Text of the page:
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Näckens Polska: piano music by Ernst JOSEPHSON and Jakob Adolf HÄGG
Ernst JOSEPHSON (1851-1906): Näckens polska; Folkvisa; Melodistycke; Blåsten; Fjorton år; Ingeborgs klagan; Visa; Saga; Serenad; Vaggvisa; Aldrig en iris; Pianostycke; Lilla blomma do år; Pianostycke; EcortenseFjärran han dröjer; Näktergals klagan; Barcarole; Mazurka; Segersång; Visa; Kärlekssång; Piano stycke (2); Skogslåt; Barnlek; Pianosång; Pianstcke; Morgonstiernan
Jakob Adolf HÄGG (1850-1928): Sång utan ord; Vaggvisa; Liten visa; Gitarren; Grazioso; Binda kransar; Nordisk sång; Humoresk; Höstsång; Granen; Gullvivan; Scherzino; Vals; Gotlandspolska
Rolf Lindblom (piano)
rec. 14-15 Aug 1990, studio 3, Swedish Radio, Stockholm
PROPRIUS PRCD 9053 [63.21]


These well behaved piano stool miniatures have no pretensions to do anything other than to delight and not unduly to stir deeper emotional waters. Their compass is set by Chopin, Schumann and Macdowell. The Swedish countryside, its strands and waters are the inspiration. Convention is not challenged neither would rebellion have crossed the minds of these two composers. Although two composers are represented I detected hardly any difference in the language. Josephson is if anything the more classically inclined of the two with a propensity for charm drawn from the piano sonatas of Mozart and Haydn. Then again in Humoresk (tr. 23) he veers towards the Chopin waltzes. Hägg is more disposed to reach towards the psychological subtleties and capture elusive moods. I would not exactly call his music impressionistic but certainly it is closer to that style than to the classical era's constraints of poise and emotion.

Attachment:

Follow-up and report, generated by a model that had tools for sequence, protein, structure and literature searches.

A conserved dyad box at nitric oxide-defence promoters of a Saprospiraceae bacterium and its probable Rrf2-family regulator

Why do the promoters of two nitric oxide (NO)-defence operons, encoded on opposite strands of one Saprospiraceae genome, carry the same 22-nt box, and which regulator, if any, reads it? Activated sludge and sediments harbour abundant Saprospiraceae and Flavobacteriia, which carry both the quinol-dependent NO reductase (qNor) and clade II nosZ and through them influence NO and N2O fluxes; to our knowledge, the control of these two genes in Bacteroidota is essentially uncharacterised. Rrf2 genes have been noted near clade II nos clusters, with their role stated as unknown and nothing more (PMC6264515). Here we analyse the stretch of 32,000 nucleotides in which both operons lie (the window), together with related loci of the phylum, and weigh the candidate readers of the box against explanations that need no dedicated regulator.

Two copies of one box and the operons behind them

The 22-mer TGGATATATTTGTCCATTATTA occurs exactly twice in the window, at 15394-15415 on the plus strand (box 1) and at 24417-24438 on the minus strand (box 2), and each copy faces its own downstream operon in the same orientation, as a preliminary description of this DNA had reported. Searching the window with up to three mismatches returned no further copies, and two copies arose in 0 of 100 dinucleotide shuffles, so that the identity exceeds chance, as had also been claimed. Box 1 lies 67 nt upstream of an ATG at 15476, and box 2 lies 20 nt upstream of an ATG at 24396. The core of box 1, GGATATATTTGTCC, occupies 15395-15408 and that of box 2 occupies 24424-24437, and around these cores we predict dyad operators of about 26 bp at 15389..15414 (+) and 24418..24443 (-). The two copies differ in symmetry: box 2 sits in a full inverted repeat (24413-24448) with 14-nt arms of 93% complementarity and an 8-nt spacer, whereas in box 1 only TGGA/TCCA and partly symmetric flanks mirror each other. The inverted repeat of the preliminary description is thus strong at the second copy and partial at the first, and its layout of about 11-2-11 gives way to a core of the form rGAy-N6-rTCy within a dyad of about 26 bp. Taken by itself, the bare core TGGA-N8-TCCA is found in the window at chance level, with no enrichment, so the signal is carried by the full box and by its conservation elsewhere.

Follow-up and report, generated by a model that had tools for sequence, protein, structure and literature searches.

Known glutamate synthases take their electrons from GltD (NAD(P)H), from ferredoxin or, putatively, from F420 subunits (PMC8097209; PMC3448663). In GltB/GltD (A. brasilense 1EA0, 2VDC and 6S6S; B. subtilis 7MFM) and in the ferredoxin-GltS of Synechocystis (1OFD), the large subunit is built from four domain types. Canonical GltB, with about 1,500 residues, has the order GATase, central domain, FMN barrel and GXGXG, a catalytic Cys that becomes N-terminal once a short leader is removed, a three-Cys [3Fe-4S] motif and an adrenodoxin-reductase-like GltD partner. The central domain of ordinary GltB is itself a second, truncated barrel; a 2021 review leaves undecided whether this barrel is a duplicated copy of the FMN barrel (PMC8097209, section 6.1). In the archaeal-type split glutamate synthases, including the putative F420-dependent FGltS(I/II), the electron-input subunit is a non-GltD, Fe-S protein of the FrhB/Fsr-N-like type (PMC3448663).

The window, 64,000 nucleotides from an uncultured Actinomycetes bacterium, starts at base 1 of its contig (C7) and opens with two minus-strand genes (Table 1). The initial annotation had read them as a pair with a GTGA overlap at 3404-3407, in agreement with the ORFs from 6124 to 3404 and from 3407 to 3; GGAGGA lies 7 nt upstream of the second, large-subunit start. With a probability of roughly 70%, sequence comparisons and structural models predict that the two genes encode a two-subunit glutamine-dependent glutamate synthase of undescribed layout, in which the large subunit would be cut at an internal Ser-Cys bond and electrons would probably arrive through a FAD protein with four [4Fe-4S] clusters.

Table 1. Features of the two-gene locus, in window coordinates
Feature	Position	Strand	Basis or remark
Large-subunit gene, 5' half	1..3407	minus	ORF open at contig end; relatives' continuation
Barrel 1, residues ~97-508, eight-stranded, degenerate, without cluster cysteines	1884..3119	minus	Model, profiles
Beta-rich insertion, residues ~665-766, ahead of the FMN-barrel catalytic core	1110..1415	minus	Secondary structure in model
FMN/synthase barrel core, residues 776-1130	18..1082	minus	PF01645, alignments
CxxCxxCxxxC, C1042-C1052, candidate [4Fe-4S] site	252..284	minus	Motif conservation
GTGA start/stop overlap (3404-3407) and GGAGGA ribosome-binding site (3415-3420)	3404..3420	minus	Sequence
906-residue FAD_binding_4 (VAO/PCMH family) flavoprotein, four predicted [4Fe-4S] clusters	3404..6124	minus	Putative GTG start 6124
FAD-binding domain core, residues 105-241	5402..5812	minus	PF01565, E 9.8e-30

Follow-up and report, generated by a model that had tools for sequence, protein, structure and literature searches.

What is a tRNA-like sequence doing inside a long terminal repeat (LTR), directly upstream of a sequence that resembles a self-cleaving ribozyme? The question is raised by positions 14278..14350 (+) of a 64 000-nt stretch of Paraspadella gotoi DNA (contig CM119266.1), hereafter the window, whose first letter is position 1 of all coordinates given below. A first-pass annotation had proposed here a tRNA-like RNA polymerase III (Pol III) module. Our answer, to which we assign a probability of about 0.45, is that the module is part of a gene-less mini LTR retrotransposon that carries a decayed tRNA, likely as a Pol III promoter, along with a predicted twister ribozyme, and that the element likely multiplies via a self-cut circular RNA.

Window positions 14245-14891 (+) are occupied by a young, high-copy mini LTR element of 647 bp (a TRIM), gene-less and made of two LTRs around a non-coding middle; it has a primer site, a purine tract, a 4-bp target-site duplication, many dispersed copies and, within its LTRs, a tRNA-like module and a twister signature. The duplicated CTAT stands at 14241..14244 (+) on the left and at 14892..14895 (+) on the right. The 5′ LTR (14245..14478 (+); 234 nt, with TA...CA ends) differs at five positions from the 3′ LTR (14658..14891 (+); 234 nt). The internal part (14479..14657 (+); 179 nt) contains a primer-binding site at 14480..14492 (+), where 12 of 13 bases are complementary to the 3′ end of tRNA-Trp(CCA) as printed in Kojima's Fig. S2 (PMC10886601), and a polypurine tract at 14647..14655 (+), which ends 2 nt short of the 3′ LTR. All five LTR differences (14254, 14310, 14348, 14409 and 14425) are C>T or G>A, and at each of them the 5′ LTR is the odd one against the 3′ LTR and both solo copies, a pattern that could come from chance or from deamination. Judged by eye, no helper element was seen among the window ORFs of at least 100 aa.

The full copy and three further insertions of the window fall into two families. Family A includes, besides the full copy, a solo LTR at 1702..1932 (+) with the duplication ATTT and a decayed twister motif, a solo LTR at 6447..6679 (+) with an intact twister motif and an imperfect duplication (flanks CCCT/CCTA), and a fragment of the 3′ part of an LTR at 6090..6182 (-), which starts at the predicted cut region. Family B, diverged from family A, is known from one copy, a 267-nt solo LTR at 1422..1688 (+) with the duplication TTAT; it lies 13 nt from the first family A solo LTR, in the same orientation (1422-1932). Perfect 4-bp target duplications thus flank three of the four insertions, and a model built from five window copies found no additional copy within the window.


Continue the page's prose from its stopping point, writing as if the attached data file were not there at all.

The thirteen Josephson pieces (distinguished by a bullet point against each title in the listing on the back of the booklet) seem to be the raison d'être for the disc which is linked to a film 'Jag skall bli Sveriges Rembrandt'. The Hägg pieces have been added because of their mood-kinship and because so far as I can make out from the notes (I am not a Swedish speaker), the two composers were friends.

The notes are only in Swedish and before we begin complaining the Proprius discs do not seem to be marketed terribly energetically outside Sweden. There are other languages apart from the all-conquering English in its various moods, social subsets (texting!) and dialects. I see no reason why the Swedish should not choose to prepare discs for their own market in the confidence of their own culture. If we choose to pass them by now that we have easy internet access to them then that is our loss. Certainly if you have chased down all those Macdowell/Barbagallo discs on Naxos American Classics you will want this as well. This should also be a natural for you if you liked the two Australian collections by such luminaries as Roy Agnew, Lindley Evans, Frank Hutchens, Alfred and Mirrie Hill and Miriam Hyde (Tamara Anna Cislowska, piano, Artworks AW005 and AW023).

Innocently gentle and sometimes genteel piano genre pieces from Sweden's pre-Great War world.

Rob Barnett


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